Tag Archives: Ron Holt

Intrust Bank Arena loss for 2016 is $4,293,901

As in years past, a truthful accounting of the finances of Intrust Bank Arena in downtown Wichita shows a large loss.

The true state of the finances of the Intrust Bank Arena in downtown Wichita are not often a subject of public discussion. Arena boosters cite a revenue-sharing arrangement between the county and the arena operator, referring to this as profit or loss. But this arrangement is not an accurate and complete accounting, and hides the true economics of the arena. What’s missing is depreciation expense.

An example: In February 2015 the Wichita Eagle reported: “The arena’s net income for 2014 came in at $122,853, all of which will go to SMG, the company that operates the facility under contract with the county, Assistant County Manager Ron Holt said Wednesday.” A reading of the minutes for the February 11 meeting of the Sedgwick County Commission finds Holt mentioning depreciation expense not a single time. Neither did the Eagle article.

In December 2014, in a look at the first five years of the arena, its manager told the Wichita Eagle this: “‘We know from a financial standpoint, the building has been successful. Every year, it’s always been in the black, and there are a lot of buildings that don’t have that, so it’s a great achievement,’ said A.J. Boleski, the arena’s general manager.”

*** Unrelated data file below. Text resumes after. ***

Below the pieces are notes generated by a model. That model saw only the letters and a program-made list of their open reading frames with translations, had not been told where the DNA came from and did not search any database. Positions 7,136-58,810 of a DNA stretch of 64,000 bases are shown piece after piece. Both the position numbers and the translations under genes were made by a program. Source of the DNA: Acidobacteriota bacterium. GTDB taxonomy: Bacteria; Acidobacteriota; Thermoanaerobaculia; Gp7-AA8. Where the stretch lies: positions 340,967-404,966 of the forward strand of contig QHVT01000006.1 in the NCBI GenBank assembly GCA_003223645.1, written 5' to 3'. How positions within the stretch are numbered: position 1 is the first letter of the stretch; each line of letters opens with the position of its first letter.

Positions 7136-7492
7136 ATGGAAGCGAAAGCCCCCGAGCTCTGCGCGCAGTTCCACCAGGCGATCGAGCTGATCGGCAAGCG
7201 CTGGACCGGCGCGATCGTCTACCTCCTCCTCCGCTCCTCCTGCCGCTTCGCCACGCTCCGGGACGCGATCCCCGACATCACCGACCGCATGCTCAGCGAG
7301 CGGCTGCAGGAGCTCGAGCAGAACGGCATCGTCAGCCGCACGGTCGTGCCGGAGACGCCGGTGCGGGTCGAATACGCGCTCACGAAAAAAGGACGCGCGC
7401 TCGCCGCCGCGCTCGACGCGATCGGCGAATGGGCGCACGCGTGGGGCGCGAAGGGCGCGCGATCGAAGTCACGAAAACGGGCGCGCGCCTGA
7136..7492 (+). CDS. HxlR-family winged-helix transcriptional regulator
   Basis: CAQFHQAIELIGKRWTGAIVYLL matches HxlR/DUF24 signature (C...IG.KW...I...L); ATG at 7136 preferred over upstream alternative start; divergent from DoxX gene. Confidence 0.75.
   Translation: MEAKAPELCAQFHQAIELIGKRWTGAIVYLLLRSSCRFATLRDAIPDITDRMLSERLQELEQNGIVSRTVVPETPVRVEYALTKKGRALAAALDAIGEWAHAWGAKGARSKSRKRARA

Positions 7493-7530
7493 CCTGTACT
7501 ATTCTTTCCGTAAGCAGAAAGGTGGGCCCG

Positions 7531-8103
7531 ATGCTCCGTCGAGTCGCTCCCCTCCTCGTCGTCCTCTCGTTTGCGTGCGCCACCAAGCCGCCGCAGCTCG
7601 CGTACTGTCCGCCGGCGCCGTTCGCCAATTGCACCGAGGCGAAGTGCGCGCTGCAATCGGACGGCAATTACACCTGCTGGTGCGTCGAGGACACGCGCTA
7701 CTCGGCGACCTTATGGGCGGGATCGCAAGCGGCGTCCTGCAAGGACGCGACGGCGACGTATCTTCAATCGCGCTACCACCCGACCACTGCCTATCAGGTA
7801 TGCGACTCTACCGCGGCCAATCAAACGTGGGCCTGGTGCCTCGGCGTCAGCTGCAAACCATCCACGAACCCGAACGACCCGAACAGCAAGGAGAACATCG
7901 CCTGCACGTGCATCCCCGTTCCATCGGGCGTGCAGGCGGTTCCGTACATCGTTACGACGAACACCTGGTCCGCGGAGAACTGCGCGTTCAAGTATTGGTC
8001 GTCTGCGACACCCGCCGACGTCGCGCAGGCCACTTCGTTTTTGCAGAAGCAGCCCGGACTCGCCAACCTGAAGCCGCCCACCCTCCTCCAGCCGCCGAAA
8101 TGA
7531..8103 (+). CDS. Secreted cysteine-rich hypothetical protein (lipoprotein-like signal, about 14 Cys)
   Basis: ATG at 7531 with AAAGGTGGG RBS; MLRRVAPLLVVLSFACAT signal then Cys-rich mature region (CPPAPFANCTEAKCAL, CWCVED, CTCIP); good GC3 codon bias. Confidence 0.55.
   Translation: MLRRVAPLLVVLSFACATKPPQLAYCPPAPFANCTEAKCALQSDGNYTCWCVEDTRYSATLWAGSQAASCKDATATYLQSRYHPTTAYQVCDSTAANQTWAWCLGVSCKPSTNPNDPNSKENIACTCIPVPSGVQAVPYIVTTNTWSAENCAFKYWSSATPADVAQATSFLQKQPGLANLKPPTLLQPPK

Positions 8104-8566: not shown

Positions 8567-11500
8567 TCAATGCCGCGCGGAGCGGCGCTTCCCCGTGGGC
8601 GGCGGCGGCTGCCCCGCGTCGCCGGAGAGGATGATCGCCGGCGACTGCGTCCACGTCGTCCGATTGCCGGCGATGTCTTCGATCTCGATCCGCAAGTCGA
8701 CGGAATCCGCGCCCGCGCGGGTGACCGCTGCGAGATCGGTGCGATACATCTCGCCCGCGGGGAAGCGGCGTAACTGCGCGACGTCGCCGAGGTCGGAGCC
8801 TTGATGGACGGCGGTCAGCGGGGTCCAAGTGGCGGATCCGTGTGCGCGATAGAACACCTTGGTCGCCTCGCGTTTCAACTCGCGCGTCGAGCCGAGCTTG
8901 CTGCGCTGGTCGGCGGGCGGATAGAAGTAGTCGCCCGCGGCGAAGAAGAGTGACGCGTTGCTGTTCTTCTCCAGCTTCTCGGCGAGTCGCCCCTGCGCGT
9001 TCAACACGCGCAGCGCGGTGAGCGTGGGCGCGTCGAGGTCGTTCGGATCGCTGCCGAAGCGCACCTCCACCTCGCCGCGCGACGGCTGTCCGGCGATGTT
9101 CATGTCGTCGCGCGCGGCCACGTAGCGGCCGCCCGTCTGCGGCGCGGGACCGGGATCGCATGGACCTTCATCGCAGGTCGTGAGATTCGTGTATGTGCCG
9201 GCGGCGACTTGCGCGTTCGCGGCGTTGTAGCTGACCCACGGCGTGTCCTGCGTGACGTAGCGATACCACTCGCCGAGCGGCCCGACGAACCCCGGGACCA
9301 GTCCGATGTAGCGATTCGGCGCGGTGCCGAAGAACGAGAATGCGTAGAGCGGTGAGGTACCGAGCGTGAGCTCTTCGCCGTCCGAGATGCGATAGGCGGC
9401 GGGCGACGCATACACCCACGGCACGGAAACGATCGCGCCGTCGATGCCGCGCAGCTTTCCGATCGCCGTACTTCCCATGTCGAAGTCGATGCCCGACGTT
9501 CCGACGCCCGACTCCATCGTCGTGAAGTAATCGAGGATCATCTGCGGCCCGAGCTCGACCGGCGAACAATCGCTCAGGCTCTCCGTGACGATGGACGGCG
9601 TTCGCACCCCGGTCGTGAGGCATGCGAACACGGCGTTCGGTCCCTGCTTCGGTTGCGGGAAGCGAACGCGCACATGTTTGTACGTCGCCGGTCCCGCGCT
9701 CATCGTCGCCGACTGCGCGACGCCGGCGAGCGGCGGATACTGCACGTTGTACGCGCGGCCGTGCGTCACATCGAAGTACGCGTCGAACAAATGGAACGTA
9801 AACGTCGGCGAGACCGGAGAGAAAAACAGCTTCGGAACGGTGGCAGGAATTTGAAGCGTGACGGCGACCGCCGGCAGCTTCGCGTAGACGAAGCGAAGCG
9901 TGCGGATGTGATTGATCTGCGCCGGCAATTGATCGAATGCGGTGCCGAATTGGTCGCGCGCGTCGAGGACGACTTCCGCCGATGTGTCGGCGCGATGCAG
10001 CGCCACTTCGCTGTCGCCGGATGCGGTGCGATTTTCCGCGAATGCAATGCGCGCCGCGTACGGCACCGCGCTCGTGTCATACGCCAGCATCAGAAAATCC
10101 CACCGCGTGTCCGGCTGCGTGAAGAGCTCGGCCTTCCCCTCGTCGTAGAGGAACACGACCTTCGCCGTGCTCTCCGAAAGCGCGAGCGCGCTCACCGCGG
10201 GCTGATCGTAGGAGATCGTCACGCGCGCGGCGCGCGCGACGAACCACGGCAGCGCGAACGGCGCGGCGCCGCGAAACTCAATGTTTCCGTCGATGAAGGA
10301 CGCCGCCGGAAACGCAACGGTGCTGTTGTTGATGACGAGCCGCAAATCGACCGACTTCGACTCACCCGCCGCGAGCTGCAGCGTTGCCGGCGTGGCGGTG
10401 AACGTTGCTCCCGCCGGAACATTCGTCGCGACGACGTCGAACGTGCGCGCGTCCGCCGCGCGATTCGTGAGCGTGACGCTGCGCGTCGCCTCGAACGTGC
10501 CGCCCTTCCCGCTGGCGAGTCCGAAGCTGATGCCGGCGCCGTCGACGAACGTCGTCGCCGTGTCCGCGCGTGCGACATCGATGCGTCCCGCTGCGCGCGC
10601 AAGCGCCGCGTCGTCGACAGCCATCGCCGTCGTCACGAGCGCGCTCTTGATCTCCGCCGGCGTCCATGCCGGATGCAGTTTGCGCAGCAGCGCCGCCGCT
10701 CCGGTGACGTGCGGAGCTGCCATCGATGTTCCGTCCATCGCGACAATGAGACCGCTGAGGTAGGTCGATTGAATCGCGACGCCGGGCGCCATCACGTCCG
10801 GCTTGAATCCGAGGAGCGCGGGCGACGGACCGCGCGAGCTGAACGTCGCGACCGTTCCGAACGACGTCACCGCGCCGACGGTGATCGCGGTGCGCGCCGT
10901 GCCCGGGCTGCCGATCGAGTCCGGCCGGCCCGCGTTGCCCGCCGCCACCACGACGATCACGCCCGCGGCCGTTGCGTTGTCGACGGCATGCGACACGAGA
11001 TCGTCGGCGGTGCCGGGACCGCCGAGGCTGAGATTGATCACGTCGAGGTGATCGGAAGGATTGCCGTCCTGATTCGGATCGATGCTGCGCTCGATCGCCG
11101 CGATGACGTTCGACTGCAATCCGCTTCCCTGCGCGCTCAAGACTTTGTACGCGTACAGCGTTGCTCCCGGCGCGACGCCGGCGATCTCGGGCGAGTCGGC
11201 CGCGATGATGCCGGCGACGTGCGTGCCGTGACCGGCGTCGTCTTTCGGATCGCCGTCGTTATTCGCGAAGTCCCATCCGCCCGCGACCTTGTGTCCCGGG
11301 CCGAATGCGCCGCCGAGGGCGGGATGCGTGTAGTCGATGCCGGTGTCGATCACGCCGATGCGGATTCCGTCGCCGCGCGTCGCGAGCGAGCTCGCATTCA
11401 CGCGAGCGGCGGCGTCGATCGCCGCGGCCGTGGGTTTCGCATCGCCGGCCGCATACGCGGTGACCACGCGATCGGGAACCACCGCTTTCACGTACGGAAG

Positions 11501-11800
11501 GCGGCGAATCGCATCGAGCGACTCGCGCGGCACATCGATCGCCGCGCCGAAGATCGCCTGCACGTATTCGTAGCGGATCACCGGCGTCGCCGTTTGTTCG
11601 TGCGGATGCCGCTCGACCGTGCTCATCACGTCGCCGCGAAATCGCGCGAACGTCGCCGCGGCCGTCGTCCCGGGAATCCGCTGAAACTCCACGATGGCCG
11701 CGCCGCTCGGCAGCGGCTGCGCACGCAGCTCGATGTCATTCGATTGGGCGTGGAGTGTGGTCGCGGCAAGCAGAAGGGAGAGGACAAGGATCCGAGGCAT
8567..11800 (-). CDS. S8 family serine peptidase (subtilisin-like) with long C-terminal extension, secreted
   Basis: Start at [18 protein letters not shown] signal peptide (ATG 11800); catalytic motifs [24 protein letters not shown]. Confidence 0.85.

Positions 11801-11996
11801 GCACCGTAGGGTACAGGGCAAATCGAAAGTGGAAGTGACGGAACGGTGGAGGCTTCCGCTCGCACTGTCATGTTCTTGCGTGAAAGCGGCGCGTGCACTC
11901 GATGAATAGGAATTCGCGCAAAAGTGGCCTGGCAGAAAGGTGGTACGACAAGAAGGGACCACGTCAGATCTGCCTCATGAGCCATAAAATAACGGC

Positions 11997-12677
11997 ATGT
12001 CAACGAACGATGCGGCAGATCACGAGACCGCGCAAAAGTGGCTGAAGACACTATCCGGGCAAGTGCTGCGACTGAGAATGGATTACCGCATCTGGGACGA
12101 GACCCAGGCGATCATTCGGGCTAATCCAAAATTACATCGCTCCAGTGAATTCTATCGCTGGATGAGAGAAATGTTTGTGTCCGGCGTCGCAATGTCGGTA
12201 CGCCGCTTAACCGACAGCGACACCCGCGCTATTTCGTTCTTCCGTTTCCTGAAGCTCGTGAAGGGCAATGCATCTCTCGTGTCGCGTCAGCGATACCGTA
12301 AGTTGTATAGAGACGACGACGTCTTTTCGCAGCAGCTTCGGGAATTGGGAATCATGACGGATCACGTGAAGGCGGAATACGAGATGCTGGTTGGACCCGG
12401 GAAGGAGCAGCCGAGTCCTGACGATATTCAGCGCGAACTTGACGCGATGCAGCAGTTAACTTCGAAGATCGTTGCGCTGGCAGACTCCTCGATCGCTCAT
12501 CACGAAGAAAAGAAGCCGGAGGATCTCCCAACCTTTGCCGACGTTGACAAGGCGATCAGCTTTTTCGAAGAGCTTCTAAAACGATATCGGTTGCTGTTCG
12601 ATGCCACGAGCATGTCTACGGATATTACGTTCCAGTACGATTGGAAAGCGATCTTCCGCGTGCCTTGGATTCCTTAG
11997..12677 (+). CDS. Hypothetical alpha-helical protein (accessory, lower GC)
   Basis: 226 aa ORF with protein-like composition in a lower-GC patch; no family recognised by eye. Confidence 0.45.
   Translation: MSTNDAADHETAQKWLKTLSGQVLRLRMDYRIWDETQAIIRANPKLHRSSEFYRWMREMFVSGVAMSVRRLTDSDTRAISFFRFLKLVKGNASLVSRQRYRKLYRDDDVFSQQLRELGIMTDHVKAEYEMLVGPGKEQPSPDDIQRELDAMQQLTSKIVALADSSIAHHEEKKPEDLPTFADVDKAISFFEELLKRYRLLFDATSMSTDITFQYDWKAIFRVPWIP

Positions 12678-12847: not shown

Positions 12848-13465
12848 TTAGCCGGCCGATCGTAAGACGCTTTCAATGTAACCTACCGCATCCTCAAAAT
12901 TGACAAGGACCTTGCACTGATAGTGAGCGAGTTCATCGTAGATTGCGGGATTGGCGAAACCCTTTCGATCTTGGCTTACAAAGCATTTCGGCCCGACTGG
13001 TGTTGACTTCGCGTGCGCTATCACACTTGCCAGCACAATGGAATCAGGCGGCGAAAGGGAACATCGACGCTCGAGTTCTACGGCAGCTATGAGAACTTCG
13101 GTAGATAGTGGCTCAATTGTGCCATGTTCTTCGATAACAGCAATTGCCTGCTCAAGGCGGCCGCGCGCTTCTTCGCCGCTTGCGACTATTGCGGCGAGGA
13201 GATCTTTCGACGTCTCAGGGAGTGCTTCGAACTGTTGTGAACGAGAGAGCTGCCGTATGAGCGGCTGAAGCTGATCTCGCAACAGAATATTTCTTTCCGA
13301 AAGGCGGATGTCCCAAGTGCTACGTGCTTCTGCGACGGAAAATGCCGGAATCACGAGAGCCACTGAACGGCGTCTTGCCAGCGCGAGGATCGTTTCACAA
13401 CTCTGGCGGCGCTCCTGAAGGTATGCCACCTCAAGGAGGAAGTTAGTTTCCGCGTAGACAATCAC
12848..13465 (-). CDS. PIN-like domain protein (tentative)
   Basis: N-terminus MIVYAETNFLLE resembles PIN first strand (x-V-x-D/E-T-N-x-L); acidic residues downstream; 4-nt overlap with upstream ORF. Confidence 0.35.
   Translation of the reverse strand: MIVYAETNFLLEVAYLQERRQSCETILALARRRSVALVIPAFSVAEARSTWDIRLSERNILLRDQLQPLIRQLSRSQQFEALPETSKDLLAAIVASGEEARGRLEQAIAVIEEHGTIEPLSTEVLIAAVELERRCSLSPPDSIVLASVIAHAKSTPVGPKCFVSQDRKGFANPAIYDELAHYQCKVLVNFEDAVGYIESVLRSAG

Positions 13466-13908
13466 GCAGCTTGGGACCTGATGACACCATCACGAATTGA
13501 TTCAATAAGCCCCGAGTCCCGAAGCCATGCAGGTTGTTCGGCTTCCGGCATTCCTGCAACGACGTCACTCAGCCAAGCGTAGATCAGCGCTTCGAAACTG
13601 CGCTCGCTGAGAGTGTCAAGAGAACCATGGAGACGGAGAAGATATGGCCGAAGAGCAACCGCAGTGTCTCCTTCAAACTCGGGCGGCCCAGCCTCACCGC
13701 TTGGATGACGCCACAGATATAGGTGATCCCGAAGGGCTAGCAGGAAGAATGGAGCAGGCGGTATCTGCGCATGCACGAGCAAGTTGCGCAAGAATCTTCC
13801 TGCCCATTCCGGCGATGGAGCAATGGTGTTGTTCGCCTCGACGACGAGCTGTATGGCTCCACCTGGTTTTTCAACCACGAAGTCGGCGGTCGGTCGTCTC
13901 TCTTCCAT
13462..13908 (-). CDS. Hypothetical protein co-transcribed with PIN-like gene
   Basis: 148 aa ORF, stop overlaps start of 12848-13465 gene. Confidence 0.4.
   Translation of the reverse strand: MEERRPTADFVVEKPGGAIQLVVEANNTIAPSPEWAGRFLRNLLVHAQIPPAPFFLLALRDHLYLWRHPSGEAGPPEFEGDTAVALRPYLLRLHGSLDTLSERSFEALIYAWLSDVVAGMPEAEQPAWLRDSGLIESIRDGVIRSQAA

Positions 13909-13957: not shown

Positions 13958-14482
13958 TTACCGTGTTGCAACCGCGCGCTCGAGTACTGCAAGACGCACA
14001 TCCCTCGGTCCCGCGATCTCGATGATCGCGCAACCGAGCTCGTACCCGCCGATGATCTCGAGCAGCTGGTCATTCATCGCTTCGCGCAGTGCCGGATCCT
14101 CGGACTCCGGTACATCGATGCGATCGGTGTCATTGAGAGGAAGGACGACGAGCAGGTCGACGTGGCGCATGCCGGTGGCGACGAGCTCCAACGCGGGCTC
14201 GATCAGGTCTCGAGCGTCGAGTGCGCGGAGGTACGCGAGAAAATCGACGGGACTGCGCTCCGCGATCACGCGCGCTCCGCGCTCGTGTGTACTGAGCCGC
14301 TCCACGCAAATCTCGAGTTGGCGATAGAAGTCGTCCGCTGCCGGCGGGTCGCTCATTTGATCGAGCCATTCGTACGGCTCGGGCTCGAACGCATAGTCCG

The Wichita Eagle opinion page hasn’t been helpful, with Rhonda Holman opining with thoughts like this: “Though great news for taxpayers, that oversize check for $255,678 presented to Sedgwick County last week reflected Intrust Bank Arena’s past, specifically the county’s share of 2013 profits.”

Even our city’s business press — which ought to know better — writes headlines like Intrust Bank Arena tops $1.1M in net income for 2015 without mentioning depreciation expense.

All of these examples are deficient in an important way, and contribute confusion to the search for truthful accounting of the arena’s finances. As shown below, recognizing depreciation expense is vital to understanding profit or loss, and the “net income” referred to above doesn’t include this. In fact, the “net income” cited above isn’t anything that is recognized by standard accounting principles.

The problem with the reporting of Intrust Bank Arena profits

There are at least two ways of looking at the finance of the arena. Nearly all attention is given to the “profit” (or loss) earned by the arena for the county according to an operating agreement between the county and SMG, a company that operates the arena. 1

This agreement specifies a revenue sharing mechanism between the county and SMG. For 2106, the accounting method used in this agreement produced a profit of $680,268 to be split (not equally) between SMG and the county. The county’s share was $140,134. 2

While described as “profit” by many, this payment does not represent any sort of “profit” or “earnings” in the usual sense. In fact, the introductory letter that accompanies these calculations warns readers that these are “not intended to be a complete presentation of INTRUST Bank Arena’s financial position and results of operations in conformity with accounting principles generally accepted in the United States of America.” 3